How to decorate a cake with edible icing sheets


The vibrant designs on this cake were created using edible icing sheets, a very effective and easy decorative technique. Edible Icing Sheets are printed designs that can be applied to cakes, cookies, cupcakes and other desserts. The sheets are an actual layer of icing that bonds with buttercream, ganache, royal icing and fondant. You can purchase the sheets pre-printed or customised with your own design or photo.


Here is what I used:

Edible icing sheets (I provided the printer with the designs)

Gum paste glue (made with gum paste and a little boiling water)

Small paintbrush

Small sharp scissors

Paper punches

Paper Guillotine or exacto knife and ruler

A cake iced with fondant

A gum paste tea cup and saucer

Other gum paste decorations to finish

Where I purchased the icing sheets:

Since I live in Singapore, I had my designs printed by CuppyCakes.

If you’re in the U.S., Ticings is a great store selling beautiful pre-printed designs. They also offer a custom service.

Creating the designs

I searched Etsy for ‘Floral’ and ‘Chevron Digital Paper’ and came across a shop called Digital Potpourri selling exactly what I had in mind. Once I received the designs via email, I then laid them out (repeated the design) to fill A4 paper size (this is the size of the sheets my printer uses). I used Photoshop to put my design together, but you could use any graphics program or even Word. I combined some designs on the one page to save on printing costs. It’s important to have a fair idea about your cake design before ordering the prints. You need to make sure you have enough to cover the circumference of your cake. Also, make sure your designs (such as the roses) are sized correctly for your project. It’s a good idea to print out your design on paper at home to see what it looks like, before you send it off to have printed on icing sheets. Icing sheets have a shelf life of approximately one year.

This was the design in the shop.

digital potpourri

This is what they look like printed on the icing sheets.


 Applying the icing sheets on a cake, Step 1:

Start with a cake, smoothly iced with fondant.


Applying the icing sheets on a cake, Step 2:

Using a sharp pair of small scissors, cut the design out. It’s easier if you firstly peel away the plastic backing and then cut.


Applying the icing sheets on a cake, Step 3:

To cut straight edges, it’s best to use a guillotine or exacto knife and ruler. Scissors will also do the job.


Applying the icing sheets on a cake, Step 4:

Apply a thin layer of glue to the entire back of the icing sheet. This step is not required if your cake is iced with soft icing such as buttercream, which is adequately adhesive.


Applying the icing sheets on a cake, Step 5:

Apply the icing sheet to the fondant, using your fingers to gently press the sheets in place.


Applying the icing sheets on a cake, Step 6:

For continuity make sure you cut the pattern in a way that it all matches up, as shown below.


Applying a bunting pattern, Step 1:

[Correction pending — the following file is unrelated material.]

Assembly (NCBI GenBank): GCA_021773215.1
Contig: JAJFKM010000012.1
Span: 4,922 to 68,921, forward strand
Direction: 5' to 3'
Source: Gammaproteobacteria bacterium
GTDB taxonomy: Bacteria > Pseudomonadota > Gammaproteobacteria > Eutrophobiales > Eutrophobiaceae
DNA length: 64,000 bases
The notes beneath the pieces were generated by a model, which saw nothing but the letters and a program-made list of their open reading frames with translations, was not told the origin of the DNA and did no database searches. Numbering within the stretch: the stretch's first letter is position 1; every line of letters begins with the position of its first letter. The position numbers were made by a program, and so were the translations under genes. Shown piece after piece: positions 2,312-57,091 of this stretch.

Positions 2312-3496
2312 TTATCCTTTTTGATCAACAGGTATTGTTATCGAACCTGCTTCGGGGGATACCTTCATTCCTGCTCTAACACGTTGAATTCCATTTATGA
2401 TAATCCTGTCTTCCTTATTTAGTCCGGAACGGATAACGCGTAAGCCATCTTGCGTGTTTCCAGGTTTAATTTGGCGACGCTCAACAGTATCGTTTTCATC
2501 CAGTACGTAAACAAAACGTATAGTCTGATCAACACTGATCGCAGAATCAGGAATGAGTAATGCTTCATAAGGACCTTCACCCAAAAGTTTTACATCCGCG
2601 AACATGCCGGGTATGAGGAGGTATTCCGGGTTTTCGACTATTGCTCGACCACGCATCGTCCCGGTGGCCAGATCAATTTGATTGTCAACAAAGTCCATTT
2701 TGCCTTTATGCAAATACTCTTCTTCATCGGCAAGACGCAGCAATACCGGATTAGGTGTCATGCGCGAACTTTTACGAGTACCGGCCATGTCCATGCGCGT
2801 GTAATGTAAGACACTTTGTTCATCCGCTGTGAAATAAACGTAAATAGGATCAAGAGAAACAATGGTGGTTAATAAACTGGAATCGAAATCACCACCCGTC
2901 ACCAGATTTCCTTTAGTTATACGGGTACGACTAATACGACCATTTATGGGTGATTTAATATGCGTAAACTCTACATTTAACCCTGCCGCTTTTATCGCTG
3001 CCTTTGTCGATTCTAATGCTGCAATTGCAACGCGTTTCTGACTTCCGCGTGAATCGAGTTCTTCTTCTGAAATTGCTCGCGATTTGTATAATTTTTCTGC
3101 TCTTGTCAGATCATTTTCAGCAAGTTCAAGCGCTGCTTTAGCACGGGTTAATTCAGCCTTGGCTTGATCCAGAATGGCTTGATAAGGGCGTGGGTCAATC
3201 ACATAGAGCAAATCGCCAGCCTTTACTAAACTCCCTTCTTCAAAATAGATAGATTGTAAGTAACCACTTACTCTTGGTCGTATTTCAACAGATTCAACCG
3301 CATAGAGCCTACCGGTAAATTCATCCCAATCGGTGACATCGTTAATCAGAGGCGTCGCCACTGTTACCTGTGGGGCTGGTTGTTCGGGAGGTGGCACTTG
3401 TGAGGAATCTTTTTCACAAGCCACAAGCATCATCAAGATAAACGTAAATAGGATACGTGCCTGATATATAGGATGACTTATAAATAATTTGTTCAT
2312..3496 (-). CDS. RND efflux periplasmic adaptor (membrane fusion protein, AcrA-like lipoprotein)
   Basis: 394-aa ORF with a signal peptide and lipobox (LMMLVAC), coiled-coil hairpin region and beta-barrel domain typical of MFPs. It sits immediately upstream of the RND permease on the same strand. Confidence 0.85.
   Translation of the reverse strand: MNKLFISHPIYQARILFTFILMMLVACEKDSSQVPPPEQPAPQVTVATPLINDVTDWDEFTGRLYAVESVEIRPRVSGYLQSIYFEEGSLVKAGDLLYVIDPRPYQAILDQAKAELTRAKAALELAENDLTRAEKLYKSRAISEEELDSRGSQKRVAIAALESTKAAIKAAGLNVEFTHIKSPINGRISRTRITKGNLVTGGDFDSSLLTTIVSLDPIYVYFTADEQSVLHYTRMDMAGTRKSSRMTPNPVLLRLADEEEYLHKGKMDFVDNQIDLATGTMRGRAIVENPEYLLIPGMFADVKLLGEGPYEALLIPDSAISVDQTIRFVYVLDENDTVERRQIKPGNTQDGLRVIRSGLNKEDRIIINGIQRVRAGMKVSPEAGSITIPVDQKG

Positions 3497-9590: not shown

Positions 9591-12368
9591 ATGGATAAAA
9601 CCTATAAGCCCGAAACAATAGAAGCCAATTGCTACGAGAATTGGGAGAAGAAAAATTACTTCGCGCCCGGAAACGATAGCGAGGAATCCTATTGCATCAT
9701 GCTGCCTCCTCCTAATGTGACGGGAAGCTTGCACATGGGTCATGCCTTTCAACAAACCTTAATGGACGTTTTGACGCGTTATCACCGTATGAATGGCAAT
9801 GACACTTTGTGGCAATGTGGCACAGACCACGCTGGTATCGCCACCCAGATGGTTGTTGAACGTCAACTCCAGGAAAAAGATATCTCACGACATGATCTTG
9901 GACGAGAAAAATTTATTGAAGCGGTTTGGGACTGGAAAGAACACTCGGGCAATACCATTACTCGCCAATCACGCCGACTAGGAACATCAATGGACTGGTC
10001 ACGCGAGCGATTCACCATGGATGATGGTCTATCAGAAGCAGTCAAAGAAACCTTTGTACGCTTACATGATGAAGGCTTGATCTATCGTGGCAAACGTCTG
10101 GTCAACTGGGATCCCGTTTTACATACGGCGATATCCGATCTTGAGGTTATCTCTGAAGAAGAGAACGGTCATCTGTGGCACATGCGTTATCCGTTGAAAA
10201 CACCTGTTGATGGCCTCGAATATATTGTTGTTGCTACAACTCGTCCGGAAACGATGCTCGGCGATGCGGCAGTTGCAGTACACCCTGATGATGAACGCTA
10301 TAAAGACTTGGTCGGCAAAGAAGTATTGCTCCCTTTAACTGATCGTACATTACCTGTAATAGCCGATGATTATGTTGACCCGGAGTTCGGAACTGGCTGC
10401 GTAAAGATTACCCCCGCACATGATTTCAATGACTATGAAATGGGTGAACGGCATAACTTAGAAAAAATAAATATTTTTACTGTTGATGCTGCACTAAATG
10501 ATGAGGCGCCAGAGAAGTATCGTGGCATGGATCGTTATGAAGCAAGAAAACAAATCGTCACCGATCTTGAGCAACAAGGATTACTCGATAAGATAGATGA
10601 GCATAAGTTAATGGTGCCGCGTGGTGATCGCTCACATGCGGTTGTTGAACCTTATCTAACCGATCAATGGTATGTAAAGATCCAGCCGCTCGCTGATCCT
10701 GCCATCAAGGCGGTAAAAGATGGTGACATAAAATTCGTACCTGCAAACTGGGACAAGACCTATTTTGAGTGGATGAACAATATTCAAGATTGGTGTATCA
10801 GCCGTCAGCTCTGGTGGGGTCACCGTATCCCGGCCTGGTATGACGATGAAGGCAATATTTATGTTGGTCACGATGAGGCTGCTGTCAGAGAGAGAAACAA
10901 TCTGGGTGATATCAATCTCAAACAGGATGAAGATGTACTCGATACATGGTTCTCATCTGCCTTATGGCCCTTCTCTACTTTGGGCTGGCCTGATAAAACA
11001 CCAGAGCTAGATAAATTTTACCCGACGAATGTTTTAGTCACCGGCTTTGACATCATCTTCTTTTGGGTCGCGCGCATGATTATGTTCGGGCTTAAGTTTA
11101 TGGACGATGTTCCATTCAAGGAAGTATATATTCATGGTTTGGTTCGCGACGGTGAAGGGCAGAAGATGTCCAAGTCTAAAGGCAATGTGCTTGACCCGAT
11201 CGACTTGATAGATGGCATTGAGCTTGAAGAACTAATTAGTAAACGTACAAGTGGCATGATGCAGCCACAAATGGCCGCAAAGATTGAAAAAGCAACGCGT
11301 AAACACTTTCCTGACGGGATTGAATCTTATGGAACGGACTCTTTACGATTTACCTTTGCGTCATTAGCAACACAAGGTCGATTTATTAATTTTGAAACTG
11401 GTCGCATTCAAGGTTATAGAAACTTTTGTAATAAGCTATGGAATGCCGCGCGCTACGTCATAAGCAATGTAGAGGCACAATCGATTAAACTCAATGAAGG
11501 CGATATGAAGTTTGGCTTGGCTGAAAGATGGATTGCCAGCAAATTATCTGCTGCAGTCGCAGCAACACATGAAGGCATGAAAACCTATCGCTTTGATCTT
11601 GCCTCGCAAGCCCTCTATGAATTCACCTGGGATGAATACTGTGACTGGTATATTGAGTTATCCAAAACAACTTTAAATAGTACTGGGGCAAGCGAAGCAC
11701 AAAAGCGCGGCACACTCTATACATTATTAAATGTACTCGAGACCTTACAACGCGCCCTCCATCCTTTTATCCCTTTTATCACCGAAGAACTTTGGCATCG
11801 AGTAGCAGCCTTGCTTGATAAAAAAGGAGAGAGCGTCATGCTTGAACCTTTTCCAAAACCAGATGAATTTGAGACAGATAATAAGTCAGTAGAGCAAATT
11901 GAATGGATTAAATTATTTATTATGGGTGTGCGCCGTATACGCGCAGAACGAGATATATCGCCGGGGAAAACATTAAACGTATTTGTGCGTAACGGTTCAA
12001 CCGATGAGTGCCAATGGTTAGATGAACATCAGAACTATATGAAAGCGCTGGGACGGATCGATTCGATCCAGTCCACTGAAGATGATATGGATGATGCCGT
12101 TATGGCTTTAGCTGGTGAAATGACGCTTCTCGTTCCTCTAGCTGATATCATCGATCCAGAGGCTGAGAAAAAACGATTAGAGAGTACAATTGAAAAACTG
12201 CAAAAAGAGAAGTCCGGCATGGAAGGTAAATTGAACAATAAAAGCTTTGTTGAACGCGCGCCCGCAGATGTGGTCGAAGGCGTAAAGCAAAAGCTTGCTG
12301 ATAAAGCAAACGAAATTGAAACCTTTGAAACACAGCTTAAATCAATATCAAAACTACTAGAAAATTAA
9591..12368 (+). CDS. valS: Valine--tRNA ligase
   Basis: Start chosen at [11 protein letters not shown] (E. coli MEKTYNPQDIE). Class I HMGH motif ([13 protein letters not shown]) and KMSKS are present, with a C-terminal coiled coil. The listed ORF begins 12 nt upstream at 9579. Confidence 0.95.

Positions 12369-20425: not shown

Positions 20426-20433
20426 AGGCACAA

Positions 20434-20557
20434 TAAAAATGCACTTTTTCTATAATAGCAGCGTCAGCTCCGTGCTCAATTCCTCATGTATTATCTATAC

Make a template for the curved shape of the bunting. I used the lid of a container, sliced in half. I simply pressed the edge into the fondant.



Applying a bunting pattern, Step 2:

Triangles can be neatly cut out using a paper punch. Alternatively use scissors or an exacto knife.



Applying a bunting pattern, Step 3:

As shown above, apply glue to the back of the icing sheets (triangles) and glue into place.


Applying the roses:

Simply cut out the rose shape and apply on the surface with glue as above. Use your fingers to press and hold into place.

This tea cup was made using gum paste and painted with gold luster dust mixed with a little alcohol (tutorial to come later).


Applying to cupcake toppers:

Cut icing sheets using a scallop or round punch. Apply cut outs to fondant cupcake topper in the same way as shown above. You may choose to apply the designs directly to the cupcakes (without a topper), however, make sure the surface is flat like here.



Happy Caking!


Wynona has long been the crafty type, learning how to knit and sew as a little girl. She has had work published in various books and magazines in Australia. But as soon as she ventured into cake decorating, Wynona was hooked.

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  1. says

    Hi curso fondant – the icing sheet is quite flexible. One you apply the glue at the back, it makes it softer and you can just press and hold it down a few seconds. It should adhere quite easily.

  2. Lori Presnell says

    Thanks again for another wonderful tutorial! This is such a great idea…

    Kindest Regards,

  3. says

    Hi! Thanks so much for the lovely comments!

    Angela – I had dealings with in the past and they were very helpful! I recall a few different printers but Canon make an A3 size printer. You could then print big sheets for larger cakes. Perhaps contact them for more info?

    Marilyn – Sorry I have not used the Wilton sheets before. The backing a on the ones I have printed are very easy to peel.

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